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  • Writer's pictureKay Redrup


First there was the heat. That humid, clammy heat of my childhood. The heat I was born into, and my bones recognized it instantly and rejoiced. Then there were the glimpses of my childhood in the architecture that no longer exists in Singapore but still does in Penang. The Chinese terraced houses that lined East Coast Road from my home all the way into Katong and on to Tanjong Katong. Penang's UNESCO area reminded me of home.

Chinese New Year celebrations had already begun and we stumbled into one.

a young girl sings to the crowd

And it was time to eat. Penang is famous for its food and it was a hard choice. I just wanted everything. I went for the prawn noodle soup. Hokkien noodles (yellow thick ones) with pork belly, pork leg and pork rib. The soup was made from the prawn heads and held so much complexity and depth.

Dessert was Chendol. A red bean and jelly mix in coconut milk. This was knocked back with a glass of soybean milk.

A walk past wonderful doorways.

We headed to the clan jetties. There are 7 in total that speak of the Chinese migrant workers that came to Penang to work for the (mostly British) companies exporting tin and spices. These dwellings built on concrete stilts jutt out into the sea and the walkway to each house is reached by wooden planks. Many are still homes. The longest - Chew jetty is mostly shops selling souvenirs.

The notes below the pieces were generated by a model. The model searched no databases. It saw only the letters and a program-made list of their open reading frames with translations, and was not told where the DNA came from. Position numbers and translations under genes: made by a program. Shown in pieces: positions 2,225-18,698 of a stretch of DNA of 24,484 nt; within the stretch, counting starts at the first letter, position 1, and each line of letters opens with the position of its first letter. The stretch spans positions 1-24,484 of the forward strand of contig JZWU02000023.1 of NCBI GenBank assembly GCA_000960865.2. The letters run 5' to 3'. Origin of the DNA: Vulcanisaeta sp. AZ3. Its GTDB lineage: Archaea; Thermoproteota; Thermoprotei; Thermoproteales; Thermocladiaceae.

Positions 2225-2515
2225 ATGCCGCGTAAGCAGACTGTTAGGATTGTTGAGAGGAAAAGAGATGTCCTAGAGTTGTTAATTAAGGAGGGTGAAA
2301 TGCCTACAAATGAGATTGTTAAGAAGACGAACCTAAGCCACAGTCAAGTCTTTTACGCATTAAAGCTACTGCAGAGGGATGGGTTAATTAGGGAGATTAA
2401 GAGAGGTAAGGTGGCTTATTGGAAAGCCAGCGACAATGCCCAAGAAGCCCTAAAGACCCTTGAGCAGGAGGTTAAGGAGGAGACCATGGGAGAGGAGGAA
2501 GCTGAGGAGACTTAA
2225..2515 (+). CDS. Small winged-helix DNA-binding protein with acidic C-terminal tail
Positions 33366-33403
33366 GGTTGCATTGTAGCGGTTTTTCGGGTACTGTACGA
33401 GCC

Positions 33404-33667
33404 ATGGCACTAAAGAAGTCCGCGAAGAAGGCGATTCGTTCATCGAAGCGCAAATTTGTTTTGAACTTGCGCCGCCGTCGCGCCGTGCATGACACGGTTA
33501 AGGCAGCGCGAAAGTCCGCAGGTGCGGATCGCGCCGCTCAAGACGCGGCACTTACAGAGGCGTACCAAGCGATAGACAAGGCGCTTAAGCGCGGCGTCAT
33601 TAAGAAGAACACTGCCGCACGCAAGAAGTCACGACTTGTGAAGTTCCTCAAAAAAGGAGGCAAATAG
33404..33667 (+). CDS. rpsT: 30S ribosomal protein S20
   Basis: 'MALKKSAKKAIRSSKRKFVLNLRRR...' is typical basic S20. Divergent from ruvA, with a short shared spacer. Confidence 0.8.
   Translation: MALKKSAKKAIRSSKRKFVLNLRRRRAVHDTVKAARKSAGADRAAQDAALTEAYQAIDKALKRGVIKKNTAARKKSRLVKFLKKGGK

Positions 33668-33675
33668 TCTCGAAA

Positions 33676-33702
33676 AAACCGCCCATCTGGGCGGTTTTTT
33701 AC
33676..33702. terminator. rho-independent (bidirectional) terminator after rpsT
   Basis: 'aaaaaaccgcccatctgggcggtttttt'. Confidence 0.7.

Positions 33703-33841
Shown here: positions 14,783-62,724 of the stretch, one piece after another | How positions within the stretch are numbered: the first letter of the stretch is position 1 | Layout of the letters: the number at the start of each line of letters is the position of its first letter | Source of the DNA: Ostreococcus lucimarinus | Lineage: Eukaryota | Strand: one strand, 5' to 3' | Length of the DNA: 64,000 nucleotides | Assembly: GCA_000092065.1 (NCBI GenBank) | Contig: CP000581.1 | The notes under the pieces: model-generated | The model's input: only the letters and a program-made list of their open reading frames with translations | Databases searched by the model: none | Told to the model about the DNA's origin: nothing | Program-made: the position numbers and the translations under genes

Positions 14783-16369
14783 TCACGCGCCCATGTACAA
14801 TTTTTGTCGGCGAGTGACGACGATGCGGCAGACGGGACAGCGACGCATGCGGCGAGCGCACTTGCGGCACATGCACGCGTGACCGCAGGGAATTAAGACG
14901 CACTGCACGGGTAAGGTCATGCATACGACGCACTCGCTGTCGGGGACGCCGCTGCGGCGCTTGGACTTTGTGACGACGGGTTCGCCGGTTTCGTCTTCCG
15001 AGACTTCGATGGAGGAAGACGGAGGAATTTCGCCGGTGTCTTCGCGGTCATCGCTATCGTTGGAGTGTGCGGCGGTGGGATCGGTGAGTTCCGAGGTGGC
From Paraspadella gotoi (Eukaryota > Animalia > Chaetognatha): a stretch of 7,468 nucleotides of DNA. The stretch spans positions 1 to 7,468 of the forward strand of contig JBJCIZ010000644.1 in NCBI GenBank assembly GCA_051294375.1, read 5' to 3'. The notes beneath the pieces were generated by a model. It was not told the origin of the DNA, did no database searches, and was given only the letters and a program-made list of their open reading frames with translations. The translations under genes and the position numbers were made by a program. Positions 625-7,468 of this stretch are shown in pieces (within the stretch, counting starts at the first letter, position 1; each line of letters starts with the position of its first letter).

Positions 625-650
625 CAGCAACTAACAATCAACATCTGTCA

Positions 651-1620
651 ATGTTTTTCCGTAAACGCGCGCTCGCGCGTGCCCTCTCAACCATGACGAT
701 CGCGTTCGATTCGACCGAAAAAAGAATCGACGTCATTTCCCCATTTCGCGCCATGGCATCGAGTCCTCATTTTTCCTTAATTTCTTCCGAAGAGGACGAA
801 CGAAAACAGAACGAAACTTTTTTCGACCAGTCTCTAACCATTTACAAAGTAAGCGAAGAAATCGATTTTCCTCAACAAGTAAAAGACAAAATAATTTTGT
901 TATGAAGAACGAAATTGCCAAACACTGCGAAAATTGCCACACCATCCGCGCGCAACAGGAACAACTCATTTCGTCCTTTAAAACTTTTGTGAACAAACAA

reinforcing the houses (that were probably once held up by wood. And some even have some mod-cons like air-conditioning.

Penang bridge - connecting to the mainland of Malaysia.

Back to a crowded Chinatown to pick up some carrot cake (a savory dish made with daikon radish, pickled radish and lots of other great stuff. The smoke from the hawker's wok was lethal with chilli

And then a few random fireworks that I could watch from my hotel window.

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